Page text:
Study: Bedbugs can drive some people crazy
Crain's New York Business
Wednesday, May 18, 2011
Bedbugs are enough to give anyone the whim whams. But for New
Yorkers already struggling with mental illness, bedbug
infestations-and even just the possibility of them-are sending some
patients over the edge, a team of NYU Langone Medical Center
In an abstract of an unpublished study presented at a recent
meeting of the American Psychiatric Association in Honolulu, the
doctors told of patients whose conditions worsened because of the
creepy critters. "We are not saying bedbugs cause psychosis," said
Dr. Evan Rieder, a psychiatry resident at the medical center, but
the bedbug is increasingly being seen as "a psycho-social
stressor," just like losing a job, going through a divorce or
having a death in the family. That can bring out latent illness or
worsen existing mental conditions.
At Stern Environmental Group in Secaucus, N.J., a large
bedbug-exterminating firm whose clients include several New York
City hospitals, managing partner Douglas Stern said the report did
not surprise him. "We've known for years that even normal people
have a psychological response to bed bugs," Mr. Stern said.
"Society's more concerned about people with medical problems and
maybe people don't put the same value on bedbugs causing this kind
of mental suffering so it's good they did this study."
Intense media interest in the infestations is also contributing
to patients' fears, said Dr. Gareen Hamalian, also a psychiatric
resident at NYU. The abstract charted a dramatic spike in the
number of media reports on bedbugs.
Dr. Rieder said he found the patients by talking to colleagues
in clinics, private doctors' offices and in hospital emergency
departments. The problem is widespread, he said: "When we presented
this at the APA meeting, which is attended by people from all over
the world, it resonated with a lot of them."
New York patients described anonymously in the study included a
22-year-old woman diagnosed with bipolar disorder whose illness was
under control until she found bedbugs in her apartment. According
to the study, she hired an exterminator but the resulting fees and
anxiety led to depression, hopelessness and "significant social
isolation," including a forced leave from her work. Things got
better three weeks after the exterminator left, but then she found
another bug-and all her symptoms returned.
The patients' stories point to an unmet need, the authors
suggest. "The psychiatric implications of bedbugs are important to
consider and treat when attempting to control and contain
infestations. [In extreme cases,] impairment may be significant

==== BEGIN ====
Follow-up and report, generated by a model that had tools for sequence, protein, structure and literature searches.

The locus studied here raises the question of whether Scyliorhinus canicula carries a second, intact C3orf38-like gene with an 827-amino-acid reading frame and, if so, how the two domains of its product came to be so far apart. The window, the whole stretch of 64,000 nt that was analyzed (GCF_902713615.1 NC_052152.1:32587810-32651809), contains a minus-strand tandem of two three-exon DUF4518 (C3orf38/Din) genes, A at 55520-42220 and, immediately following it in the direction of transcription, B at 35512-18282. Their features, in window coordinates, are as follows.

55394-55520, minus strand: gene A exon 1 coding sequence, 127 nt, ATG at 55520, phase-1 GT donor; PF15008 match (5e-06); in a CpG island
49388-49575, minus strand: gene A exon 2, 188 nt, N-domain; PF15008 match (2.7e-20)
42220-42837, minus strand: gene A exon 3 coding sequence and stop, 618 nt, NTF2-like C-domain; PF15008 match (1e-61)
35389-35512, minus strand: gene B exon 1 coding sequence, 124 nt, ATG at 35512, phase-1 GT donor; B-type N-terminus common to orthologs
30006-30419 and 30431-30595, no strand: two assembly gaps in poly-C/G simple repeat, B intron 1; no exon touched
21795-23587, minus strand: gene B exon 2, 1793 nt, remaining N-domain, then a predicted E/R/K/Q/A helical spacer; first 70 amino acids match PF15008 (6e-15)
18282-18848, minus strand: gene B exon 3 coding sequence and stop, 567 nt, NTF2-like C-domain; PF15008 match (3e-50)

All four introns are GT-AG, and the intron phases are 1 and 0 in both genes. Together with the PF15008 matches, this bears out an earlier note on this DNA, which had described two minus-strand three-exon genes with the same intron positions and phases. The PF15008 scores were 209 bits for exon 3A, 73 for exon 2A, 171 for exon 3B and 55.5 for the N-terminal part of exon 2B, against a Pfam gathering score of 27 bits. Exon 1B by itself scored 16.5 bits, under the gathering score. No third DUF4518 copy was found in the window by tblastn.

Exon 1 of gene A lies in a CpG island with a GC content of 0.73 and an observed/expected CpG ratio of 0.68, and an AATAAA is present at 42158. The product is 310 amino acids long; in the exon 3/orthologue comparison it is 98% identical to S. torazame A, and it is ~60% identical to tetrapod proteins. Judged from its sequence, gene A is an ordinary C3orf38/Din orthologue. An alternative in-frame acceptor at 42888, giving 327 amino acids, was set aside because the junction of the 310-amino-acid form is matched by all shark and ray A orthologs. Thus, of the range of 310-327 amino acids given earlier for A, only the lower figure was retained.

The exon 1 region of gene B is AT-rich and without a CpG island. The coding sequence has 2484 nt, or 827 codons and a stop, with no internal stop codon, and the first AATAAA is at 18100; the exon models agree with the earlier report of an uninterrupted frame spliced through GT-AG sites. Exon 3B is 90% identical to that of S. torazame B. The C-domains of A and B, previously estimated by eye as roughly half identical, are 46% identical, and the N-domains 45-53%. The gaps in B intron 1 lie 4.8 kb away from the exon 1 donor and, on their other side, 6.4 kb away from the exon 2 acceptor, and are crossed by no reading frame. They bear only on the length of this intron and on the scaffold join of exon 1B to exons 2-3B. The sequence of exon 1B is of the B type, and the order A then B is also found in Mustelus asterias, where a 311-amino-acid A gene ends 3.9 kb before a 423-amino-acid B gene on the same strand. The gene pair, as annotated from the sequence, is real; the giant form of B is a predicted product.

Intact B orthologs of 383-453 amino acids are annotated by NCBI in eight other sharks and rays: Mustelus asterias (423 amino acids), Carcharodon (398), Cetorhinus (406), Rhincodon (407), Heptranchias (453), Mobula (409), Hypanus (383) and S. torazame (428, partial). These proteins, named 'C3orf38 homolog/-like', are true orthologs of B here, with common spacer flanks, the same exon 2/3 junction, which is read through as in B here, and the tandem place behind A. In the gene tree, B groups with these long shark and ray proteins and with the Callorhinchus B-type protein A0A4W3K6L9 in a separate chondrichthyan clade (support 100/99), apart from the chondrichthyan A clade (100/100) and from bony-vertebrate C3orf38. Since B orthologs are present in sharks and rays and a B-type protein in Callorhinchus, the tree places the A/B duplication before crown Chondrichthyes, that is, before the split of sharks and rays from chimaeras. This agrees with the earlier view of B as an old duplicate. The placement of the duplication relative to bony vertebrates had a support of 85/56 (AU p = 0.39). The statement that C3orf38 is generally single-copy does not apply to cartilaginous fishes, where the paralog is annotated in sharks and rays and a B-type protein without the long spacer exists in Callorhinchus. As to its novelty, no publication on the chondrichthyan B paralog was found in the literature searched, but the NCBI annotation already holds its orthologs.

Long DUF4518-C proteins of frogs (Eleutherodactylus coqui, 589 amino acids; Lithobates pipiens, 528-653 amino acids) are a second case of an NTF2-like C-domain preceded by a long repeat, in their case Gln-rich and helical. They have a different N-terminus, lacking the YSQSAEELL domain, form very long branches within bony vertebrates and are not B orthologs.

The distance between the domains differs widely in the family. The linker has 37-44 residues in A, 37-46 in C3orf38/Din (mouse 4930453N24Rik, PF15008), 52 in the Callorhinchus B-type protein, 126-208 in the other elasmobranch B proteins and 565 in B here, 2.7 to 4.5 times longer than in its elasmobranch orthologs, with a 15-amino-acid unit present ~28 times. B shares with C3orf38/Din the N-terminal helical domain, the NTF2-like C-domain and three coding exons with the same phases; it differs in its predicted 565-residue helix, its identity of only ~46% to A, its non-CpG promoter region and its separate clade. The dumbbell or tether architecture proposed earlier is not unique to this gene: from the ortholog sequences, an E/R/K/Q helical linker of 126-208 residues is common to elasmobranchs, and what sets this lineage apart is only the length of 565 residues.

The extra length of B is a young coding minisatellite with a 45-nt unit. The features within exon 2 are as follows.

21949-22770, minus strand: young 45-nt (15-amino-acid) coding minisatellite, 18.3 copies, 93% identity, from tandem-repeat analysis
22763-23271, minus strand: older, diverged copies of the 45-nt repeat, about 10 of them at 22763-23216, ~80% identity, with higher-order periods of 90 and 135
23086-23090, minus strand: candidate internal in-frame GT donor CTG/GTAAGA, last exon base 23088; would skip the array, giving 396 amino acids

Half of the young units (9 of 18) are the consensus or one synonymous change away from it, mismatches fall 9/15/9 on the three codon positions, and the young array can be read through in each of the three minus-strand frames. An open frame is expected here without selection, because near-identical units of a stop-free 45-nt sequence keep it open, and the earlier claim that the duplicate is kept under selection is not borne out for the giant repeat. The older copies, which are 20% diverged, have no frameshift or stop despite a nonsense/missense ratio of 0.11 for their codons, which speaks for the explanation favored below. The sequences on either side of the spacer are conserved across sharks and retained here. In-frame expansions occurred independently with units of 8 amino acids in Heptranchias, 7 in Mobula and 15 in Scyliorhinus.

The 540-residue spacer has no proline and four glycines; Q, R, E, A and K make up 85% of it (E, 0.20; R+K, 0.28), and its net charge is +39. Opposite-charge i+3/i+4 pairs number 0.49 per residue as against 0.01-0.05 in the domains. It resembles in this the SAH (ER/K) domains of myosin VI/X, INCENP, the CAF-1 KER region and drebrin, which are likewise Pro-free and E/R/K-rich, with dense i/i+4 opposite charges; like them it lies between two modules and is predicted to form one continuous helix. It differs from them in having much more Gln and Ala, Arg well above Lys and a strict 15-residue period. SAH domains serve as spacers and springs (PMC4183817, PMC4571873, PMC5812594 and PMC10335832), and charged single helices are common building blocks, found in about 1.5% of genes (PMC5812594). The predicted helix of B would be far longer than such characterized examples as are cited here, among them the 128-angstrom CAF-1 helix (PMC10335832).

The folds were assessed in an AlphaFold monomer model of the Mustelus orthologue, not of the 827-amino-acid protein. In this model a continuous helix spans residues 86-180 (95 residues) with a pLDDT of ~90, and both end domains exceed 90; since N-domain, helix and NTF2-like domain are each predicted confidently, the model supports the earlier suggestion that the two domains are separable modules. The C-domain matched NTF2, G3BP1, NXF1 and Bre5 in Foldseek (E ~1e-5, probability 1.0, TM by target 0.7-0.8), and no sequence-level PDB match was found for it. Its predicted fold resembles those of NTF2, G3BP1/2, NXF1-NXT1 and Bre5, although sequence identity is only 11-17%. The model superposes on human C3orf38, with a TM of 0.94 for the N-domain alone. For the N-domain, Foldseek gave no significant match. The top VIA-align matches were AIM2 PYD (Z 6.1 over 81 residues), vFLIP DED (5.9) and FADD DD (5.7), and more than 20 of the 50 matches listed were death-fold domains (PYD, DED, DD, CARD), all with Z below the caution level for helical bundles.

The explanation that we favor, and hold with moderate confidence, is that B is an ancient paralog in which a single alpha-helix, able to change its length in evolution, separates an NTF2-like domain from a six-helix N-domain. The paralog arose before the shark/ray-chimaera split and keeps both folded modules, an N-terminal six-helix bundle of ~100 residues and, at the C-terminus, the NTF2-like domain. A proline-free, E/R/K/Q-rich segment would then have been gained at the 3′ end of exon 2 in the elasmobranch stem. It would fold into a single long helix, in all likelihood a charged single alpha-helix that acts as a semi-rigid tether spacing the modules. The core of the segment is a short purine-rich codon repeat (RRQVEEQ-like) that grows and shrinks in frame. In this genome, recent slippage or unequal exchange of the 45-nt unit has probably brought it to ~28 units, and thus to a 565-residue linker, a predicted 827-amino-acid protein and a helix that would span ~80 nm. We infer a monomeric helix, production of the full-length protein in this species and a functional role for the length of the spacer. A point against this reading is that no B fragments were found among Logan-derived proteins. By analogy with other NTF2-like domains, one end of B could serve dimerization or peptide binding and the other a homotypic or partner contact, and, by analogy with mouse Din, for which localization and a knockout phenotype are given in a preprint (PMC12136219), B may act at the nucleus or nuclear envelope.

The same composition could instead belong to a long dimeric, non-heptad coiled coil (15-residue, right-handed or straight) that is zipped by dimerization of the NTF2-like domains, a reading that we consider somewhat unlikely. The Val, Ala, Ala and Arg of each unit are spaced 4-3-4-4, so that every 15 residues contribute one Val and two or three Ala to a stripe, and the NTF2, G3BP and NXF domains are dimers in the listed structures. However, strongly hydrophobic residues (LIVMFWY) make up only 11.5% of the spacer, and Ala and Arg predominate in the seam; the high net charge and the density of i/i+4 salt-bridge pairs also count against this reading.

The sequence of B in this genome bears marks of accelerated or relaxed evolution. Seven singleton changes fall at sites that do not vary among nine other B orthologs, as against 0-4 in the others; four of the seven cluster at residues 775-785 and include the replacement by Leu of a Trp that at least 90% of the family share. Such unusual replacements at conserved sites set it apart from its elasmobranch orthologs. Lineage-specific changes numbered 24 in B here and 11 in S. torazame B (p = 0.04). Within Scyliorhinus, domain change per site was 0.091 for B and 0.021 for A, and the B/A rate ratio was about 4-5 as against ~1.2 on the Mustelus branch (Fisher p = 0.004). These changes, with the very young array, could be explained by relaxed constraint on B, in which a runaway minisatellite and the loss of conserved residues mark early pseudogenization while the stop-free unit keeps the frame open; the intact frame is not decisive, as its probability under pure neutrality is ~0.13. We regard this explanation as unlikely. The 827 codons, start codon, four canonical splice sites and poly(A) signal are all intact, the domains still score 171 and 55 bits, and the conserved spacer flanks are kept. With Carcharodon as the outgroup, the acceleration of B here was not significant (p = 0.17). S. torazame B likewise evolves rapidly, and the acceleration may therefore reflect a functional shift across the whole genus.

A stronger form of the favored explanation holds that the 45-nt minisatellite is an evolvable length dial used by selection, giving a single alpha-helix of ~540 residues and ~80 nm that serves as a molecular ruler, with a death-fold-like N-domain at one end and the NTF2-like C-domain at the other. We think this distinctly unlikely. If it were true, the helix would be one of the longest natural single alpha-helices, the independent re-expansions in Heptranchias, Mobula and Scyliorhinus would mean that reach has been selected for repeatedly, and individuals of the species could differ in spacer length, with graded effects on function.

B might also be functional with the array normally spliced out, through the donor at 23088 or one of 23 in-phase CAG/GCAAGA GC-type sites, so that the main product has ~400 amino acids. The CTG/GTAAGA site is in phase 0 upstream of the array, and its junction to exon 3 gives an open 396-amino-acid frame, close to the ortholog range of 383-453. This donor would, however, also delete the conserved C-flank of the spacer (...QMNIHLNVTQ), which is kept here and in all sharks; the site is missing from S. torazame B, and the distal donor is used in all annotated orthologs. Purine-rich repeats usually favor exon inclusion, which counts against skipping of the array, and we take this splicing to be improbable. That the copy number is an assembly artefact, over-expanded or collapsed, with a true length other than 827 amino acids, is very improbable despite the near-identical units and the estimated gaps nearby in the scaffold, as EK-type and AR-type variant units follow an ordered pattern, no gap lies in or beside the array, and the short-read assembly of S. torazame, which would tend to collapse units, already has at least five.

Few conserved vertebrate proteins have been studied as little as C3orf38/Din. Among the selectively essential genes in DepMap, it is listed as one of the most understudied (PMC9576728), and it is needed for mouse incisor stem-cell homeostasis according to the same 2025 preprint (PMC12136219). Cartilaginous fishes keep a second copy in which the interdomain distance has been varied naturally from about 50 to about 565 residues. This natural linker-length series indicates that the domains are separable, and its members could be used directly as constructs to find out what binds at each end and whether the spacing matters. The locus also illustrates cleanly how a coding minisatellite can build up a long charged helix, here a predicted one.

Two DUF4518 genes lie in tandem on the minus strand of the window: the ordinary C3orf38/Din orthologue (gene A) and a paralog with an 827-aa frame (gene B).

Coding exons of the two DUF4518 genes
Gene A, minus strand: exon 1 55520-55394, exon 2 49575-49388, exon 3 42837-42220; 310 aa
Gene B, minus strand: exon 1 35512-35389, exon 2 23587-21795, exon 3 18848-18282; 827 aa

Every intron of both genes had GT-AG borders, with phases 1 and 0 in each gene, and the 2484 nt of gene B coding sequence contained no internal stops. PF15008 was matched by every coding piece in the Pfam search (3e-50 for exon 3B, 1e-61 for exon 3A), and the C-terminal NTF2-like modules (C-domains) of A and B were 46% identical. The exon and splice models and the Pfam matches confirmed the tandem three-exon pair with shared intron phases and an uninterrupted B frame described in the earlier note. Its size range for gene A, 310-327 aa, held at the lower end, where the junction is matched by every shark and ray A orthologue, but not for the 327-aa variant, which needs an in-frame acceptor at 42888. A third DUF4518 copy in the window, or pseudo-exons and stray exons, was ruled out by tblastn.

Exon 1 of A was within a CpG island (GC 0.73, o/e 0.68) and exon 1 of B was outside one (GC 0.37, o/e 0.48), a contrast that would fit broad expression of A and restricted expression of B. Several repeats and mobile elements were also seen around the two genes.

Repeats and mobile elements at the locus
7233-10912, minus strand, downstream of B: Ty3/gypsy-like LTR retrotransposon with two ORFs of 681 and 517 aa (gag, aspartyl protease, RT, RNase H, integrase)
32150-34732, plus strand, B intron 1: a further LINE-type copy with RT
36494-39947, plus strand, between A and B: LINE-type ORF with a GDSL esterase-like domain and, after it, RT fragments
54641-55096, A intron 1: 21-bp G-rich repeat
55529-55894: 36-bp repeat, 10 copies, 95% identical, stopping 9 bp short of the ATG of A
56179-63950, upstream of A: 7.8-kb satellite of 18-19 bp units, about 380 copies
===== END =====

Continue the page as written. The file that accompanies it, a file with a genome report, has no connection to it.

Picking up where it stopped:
enough to cause suicidality and warrant inpatient
In another case, a 49-year-old woman living in a housing project
was dealing with chronic paranoid schizophrenia when a bedbug
infestation added to her problems. According to the study, "her
boyfriend stopped visiting and her church asked her not to return
after bedbugs were found in pews." Social service agencies came to
her rescue. A case manager saw that workers were hired to clean the
apartment, discard her belongings and then exterminate. But the
patient had to be hospitalized for a month, both because her mental
state was worsened and because she had anemia apparently due to
blood loss from bedbug bites. With help she was able to return to
the apartment, only to inadvertently re-infest it. "She transferred
bedbugs from her mother's apartment," the study said. The patient
was re-admitted to a hospital.
Though those patients' problems involved real bugs, the study
also cited a case of a 35-year-old man with was convinced bedbugs
were biting him-despite negative findings by several dermatologists
and an exterminator who went to his apartment. Though the man had
never been treated for mental illness, psychiatrists diagnosed him
with a delusional disorder, one he may still have. "He voiced
conviction that daily scrubbing with household bleaches was the
only reason for [improvement] of his symptoms," the doctors
Infestation may even have played a role in another patient's
suicide attempt, though alcohol abuse was involved, the study
In addition to making their profession more aware of the
phenomenon, the study's authors hope their findings, which they
expect to be published in a journal, will lead to a public
education campaign addressing the need to contain infestations.
Mr. Stern said the bedbug problem shows no signs of going away.
"It's seasonal," he explained. "They'll come out in the warm
weather. It's quiet now but everything I hear says this summer's
going to be worse than last."